Local governments are happy to get 400,000 coronavirus test kits. They just need the resources, however, to actually get the testing done in schools.
"We as the front line need to understand what is the state's expectation, what is the staff responsibilities, how we're going to roll this out effectively with thousands upon thousands of school buildings across the state of New York," said Dutchess County Executive Marc Molinaro.
The priority for testing in large part is for schools as some districts have had to close buildings amid positive COVID-19 cases and turn to several weeks of remote learning to stamp out possible transmission. The tests will be for schools in so-called "yellow zones," considered buffer areas where COVID-19 cases have risen, but not to the point where schools must be closed.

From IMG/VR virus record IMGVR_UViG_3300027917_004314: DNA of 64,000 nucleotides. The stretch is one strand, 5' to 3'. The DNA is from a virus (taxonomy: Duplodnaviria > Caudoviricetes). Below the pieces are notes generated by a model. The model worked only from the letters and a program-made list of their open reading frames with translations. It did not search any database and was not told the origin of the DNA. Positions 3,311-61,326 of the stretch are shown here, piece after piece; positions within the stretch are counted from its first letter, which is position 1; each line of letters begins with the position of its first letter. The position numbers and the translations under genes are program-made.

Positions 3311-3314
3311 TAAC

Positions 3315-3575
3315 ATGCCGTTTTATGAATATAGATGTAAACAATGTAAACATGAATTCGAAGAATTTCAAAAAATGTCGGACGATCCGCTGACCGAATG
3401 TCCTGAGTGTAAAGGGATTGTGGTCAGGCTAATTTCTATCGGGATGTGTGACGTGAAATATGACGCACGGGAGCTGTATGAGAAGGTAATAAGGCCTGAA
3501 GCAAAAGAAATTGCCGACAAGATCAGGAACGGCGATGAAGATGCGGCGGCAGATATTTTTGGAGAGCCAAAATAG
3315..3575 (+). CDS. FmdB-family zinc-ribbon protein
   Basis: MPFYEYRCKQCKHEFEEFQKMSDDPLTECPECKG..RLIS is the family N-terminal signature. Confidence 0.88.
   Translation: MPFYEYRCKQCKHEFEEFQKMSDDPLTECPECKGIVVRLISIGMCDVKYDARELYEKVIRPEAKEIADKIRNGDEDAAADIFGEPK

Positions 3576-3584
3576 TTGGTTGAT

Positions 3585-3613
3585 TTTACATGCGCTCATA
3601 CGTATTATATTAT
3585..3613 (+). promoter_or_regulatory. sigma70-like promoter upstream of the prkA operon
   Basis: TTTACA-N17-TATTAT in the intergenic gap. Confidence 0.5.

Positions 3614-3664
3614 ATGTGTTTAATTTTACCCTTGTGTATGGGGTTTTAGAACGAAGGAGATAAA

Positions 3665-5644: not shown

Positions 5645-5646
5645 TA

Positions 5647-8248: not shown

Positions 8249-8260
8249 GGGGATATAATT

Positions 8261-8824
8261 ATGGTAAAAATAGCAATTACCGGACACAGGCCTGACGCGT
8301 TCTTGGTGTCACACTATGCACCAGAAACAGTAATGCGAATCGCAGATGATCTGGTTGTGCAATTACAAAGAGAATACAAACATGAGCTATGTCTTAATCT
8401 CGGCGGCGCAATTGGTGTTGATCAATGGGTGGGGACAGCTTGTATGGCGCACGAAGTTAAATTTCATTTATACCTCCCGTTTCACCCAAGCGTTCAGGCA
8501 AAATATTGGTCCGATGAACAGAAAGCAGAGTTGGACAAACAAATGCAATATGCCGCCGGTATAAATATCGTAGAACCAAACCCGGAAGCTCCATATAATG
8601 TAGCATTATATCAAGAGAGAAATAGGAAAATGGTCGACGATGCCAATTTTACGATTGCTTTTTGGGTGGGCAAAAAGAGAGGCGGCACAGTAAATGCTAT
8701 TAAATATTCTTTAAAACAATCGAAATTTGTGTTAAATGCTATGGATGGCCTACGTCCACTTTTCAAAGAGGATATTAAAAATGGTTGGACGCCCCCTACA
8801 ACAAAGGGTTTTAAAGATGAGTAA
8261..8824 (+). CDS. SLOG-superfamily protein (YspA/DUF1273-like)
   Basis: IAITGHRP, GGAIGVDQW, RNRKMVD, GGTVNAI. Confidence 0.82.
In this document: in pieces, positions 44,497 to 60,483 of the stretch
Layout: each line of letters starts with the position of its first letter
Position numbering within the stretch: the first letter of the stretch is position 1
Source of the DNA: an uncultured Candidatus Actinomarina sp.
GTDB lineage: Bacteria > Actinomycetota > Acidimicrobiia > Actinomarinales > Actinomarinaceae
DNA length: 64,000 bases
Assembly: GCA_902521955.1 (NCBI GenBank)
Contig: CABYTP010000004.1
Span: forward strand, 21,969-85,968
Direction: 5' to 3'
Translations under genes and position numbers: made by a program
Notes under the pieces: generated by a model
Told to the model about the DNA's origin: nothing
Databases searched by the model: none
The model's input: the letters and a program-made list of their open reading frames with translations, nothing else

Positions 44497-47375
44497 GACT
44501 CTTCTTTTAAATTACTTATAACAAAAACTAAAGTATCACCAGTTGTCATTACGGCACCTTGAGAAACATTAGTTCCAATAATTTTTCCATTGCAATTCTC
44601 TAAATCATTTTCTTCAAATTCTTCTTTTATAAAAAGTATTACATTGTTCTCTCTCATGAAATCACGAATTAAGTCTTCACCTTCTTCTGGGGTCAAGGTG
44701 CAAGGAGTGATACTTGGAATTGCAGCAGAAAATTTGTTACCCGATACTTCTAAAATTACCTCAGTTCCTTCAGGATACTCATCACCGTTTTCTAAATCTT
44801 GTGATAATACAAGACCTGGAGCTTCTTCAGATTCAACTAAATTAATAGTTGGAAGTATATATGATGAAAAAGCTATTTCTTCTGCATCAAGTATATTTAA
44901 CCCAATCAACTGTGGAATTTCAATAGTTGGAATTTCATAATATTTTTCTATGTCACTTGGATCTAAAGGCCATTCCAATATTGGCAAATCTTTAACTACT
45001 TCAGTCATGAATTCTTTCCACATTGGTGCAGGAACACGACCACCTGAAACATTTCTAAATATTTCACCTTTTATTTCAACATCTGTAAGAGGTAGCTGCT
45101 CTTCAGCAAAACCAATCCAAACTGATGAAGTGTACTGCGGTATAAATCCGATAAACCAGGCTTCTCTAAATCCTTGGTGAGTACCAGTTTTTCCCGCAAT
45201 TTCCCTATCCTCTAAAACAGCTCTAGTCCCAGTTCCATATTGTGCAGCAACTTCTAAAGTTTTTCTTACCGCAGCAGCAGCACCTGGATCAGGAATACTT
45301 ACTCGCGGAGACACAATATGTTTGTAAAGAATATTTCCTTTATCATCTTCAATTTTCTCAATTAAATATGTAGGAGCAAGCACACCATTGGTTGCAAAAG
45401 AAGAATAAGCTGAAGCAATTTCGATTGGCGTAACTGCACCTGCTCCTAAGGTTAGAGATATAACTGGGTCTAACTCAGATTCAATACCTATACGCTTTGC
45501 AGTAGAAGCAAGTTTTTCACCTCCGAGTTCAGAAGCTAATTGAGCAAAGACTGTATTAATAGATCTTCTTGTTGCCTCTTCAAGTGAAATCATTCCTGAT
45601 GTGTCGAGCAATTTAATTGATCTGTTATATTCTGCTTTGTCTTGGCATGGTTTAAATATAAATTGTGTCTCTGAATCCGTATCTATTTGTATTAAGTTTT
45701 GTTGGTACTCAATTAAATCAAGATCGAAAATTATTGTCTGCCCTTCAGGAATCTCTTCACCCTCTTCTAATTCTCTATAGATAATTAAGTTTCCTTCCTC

Gov. Andrew Cuomo in a conference call on Thursday said officials will have resources, all they have to do is ask.
"I said if you need something tell me and I will provide it for you," he said.
At the same time, clusters of cases in parts of Orange, Rockland and Broome counties, as well as Brooklyn and Queens, have cropped up in recent weeks.
"We really need staff, contract nurses, train staff, who know how to administer the tests, interpret the results and then provide follow up care or recommend access to follow up care for anybody that's being tested," said Sarah Ravenhall, the executive director of the New York State Association of County Health Officials.
And this is a problem for all counties, regardless of their size, she said.
"It doesn't matter whether it is a small, medium or large county," Ravenhall said. "There is a need there. Right now local health departments just don't have the staff to do the testing. There may be more tests required in a large county, but bottom line is there is a need for staff to conduct the tests."